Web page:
Watch parties popped up in the most unlikely places: people's backyards, liquor stores and even on the South Side, where an enmity toward the North Side is a birthright.
The West Pullman neighborhood on Chicago's South Side is White Sox territory, but the Ray and Joan Kroc Corps Community Center mounted a massive screen in a meeting room where Cubs fans could gather. Only a few were there at the start of the game, but Dexter Fowler's leadoff home run quickly drew a crowd.
"All right, we got a home run already? Yes! Yes! Tee off! Tee off!" said Darryl Wren, an IT specialist.
Wren, wearing a personalized pinstriped jersey, said a Cubs victory would provide a big lift to both sides of town.
"I think most of America is rooting for the Cubs and rightfully so," Wren said. "I'd put this up with the 1985 Bears."
The Cove Lounge in Hyde Park was packed wall-to-wall and erupted when David Ross homered in the sixth inning to extend the Cubs' lead.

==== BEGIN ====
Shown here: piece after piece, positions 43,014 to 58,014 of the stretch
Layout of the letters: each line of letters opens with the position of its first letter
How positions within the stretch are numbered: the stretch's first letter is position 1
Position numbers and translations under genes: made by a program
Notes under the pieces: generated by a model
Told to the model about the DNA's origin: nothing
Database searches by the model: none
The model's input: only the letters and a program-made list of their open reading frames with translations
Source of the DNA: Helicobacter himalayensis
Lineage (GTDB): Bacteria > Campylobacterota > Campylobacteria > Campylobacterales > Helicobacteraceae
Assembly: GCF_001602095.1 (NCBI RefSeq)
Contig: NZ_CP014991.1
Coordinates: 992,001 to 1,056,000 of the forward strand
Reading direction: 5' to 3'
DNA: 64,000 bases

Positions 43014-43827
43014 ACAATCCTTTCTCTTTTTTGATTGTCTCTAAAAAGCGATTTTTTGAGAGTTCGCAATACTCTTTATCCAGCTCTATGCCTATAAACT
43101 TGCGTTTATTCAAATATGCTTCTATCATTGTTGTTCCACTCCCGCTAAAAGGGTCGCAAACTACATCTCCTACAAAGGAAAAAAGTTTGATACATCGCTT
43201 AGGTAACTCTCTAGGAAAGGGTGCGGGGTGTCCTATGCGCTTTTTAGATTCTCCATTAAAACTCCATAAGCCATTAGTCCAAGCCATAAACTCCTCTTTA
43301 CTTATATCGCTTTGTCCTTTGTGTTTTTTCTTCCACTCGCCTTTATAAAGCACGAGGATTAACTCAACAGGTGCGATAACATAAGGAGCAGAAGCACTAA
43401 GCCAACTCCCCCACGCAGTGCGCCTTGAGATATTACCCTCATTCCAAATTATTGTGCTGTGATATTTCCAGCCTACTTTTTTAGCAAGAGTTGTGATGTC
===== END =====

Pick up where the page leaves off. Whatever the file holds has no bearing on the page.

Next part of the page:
Standing on the sidewalk just outside the bar, longtime St. Louis Cardinals fan Stan Fischer said even he had caught Cubs fever.
"When I see a Chicago team in a position to get a title, I'm on their side 100 percent," he said. "The whole city's been lit up, everywhere I've been."
Back on the North Side, Cubs fans flocked to Wrigleyville despite pouring rain, flashes of lightning and the team playing in Cleveland. The neighborhood became so crowded by the sixth inning, police began closing streets around the ballpark and the Red Line began skipping the Addison, Belmont and Sheridan stops.
Among the revelers was Cubs fan Jim Griffin, who drove 8 1/2 hours from Memphis, Tenn., to watch the game with family members at Myron Mixon's Smoke Show, a barbecue restaurant near the stadium. A World Series title, Griffin said, would validate a lifetime of long-suffering fandom.
All those times when they were not in it, those games in July or August when they absolutely had no chance.
"I just had to be here with my friends and family, to be as close to the game as possible," he said. "You can feel the energy and not even the rain is going to stop it."
The restaurant fell silent when the Indians erased a 2-run deficit with the eighth-inning home run. Cubs fans burrowed their faces in their hands, some turned their hats inside out in hopes of a rally and fans outside began to gather around the windowsills to watch the game that once appeared to be sewn up.